If you’ve ever stared blankly into your cabinets, holding a package of tortillas and wondering if that cumin you bought four years ago is still any good, you might marvel at the sort of person who can stroll through a farmer’s market, grab whatever looks fresh, then proceed to effortlessly make a meal before heading off to a weekend in Saugatuck. And if that type of person were a restaurant, it would probably look a lot like Lost Larson in Andersonville. This place serves seasonal dishes that have only a few ingredients, and while they might seem straightforward on the menu, they find ways to be more interesting than you’d expect.
When this place first opened, it was just a daytime spot focused on pastries, coffee, and bread, which they bake from grain they mill themselves. But now, like some kind of culinary Buffy the Vampire Slayer, Lost Larson lives a double life: at night the small counter-service space transforms into a full-blown restaurant, serving a short dinner menu of well-prepared seasonal food.
Lost Larson pays a lot of attention to detail when it comes to their food, which shouldn’t surprise you considering it’s the kind of place that mills its own flour. So although the menu seems simple, the carefully prepared dishes taste surprisingly complex - like a small plate of roasted sweet potatoes and farro balanced out with a bright and flavorful broth of lemon and ginger tea. Or branzino, typically a mellow fish, served with a spicy asparagus puree that ends up being the perfect complement. And the Swedish meatballs are a must-order, mainly because they’re served on an incredibly rich and slightly sweet cauliflower gravy that seems to have been made with about 6,732 spices (like coriander, nutmeg, and mace), and they come with a fantastic potato bread that has pieces of baked potato inside that you can actually taste.
But even Buffy herself has days when she accidentally stakes a human in the heart, and some things here do occasionally miss the mark. The clunky steak tartare is made of large pieces of meat that are difficult to chew, and the burrata comes with so much rhubarb and fennel that they overpower the cheese. But the thing with a super seasonal menu like Lost Larson’s is that dishes will inevitably change, both the bad and the good. We’re sure there’s a life lesson in there somewhere, but the point is the rhubarb will (thankfully) go away at some point.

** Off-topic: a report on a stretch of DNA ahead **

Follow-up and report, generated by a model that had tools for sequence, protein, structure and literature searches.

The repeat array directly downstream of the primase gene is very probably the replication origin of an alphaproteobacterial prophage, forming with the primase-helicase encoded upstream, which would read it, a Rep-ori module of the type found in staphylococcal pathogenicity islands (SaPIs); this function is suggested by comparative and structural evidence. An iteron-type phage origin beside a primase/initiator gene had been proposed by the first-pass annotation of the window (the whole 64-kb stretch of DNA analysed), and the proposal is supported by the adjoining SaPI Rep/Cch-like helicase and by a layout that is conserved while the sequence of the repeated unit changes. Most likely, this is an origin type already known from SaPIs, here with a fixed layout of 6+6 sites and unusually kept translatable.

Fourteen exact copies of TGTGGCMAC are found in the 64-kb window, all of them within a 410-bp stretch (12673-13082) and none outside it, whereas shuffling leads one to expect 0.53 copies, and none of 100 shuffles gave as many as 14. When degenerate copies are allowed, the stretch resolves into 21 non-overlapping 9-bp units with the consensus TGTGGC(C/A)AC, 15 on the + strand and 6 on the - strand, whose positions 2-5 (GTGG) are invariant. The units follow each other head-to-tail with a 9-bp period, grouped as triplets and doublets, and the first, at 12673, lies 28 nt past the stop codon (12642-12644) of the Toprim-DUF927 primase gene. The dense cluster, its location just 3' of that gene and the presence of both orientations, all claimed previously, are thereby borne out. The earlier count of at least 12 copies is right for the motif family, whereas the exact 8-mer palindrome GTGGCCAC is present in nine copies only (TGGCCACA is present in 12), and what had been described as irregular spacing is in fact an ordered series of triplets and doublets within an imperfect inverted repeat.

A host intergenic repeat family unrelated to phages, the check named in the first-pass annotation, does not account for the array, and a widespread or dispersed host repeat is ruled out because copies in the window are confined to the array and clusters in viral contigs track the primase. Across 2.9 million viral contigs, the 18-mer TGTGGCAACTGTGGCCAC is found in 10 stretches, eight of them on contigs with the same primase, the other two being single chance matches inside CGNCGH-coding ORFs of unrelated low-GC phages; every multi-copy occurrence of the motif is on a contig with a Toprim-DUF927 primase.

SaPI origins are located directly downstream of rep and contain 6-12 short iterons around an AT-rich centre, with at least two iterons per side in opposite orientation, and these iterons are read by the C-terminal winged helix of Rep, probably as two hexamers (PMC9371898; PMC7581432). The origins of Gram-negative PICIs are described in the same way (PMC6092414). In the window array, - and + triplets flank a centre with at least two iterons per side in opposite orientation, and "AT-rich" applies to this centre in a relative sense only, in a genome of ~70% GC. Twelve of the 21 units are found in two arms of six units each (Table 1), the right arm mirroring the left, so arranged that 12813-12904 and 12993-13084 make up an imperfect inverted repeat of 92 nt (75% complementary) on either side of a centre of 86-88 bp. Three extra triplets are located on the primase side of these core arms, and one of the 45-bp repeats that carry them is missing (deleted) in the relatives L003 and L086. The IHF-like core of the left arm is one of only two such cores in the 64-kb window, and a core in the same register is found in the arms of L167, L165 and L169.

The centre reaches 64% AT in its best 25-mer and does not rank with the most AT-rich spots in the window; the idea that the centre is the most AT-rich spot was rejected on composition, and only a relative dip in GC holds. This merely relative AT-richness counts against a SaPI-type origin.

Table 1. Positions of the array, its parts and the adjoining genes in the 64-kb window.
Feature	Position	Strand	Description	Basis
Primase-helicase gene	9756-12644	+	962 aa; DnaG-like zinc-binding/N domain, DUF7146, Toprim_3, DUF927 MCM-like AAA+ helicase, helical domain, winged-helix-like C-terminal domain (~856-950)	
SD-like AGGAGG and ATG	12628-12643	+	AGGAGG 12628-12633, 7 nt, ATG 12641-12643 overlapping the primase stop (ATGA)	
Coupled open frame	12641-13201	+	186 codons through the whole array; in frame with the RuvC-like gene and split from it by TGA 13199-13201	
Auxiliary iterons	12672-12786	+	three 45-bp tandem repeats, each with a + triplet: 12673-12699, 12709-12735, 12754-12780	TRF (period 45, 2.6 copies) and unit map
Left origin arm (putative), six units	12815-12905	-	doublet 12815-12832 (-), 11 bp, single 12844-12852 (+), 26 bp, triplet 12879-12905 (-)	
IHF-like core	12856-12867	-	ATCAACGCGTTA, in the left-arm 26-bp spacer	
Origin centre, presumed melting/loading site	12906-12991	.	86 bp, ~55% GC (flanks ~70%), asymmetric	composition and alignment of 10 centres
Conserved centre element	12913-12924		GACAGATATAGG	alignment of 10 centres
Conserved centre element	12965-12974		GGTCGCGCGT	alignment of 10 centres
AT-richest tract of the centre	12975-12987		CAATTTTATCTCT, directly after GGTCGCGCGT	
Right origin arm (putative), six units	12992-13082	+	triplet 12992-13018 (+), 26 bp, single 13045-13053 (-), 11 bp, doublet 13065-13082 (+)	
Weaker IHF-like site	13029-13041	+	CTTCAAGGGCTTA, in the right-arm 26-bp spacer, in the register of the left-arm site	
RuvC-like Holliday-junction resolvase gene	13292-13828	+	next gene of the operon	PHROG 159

If you’ve ever moonlighted as anything - a high school student by day and vampire slayer by night, say - you know it’s hard to be equally skilled at both. Lost Larson manages to be a fantastic bakery while also being a great restaurant, thanks to its overall attention to detail. Like that person who can somehow glide through the zucchini stand at the farmers market and emerge with a full meal, this place takes something simple and surprises you with it.
The bread here is great, and you need to order some. You get an assortment for the table (rye, whole grain, and country white), along with some delicious cultured butter that’s so fresh it will leave you wondering where they’re hiding the cow.
These are a menu staple, and we’re hoping it stays that way. The meatballs are a tender blend of lamb and pork, served with a flavorful vegetarian gravy made from cauliflower. It might make you feel like a child being manipulated into eating more vegetables, but it’s so delicious it doesn’t matter.
This is a perfect example of a dish here that seems unimpressive on the surface, but is way more flavorful than you’d expect. It’s just roasted sweet potatoes and toasted farro, but the addition of a light broth of lemon ginger tea gives it a lot of flavor and rounds things out.
Seasonal menus can be frustrating because when you find something you love, you know it probably won’t last. You might feel this way with the branzino, which comes with a perfectly complementary “Midwest mole verde” that’s essentially a spicy asparagus puree. If this is on the menu, order it.
This burrata is nice and creamy, though we’re not into the preparation that includes fennel and rhubarb since it’s very tart. But the good news is rhubarb is seasonal. So, like a broken carousel horse, it should rotate away soon enough.
If you want to feel like you’re at a fancy backyard BBQ, order this broccoli salad. It’s prettily plated, and a mixture of lemon juice and raisins makes it both sweet and tart.
While the flavors are good, the texture of the steak tartare is off-putting. The pieces of meat are too big, and the whole thing is too chewy.
There is only one plated dessert on the dinner menu, and it’s a honey ice cream on top of a block of almond semifreddo. It’s OK, but ultimately boring, and you’re better off ordering one of the perfectly baked treats (like a tart or cookie) from the pastry case instead.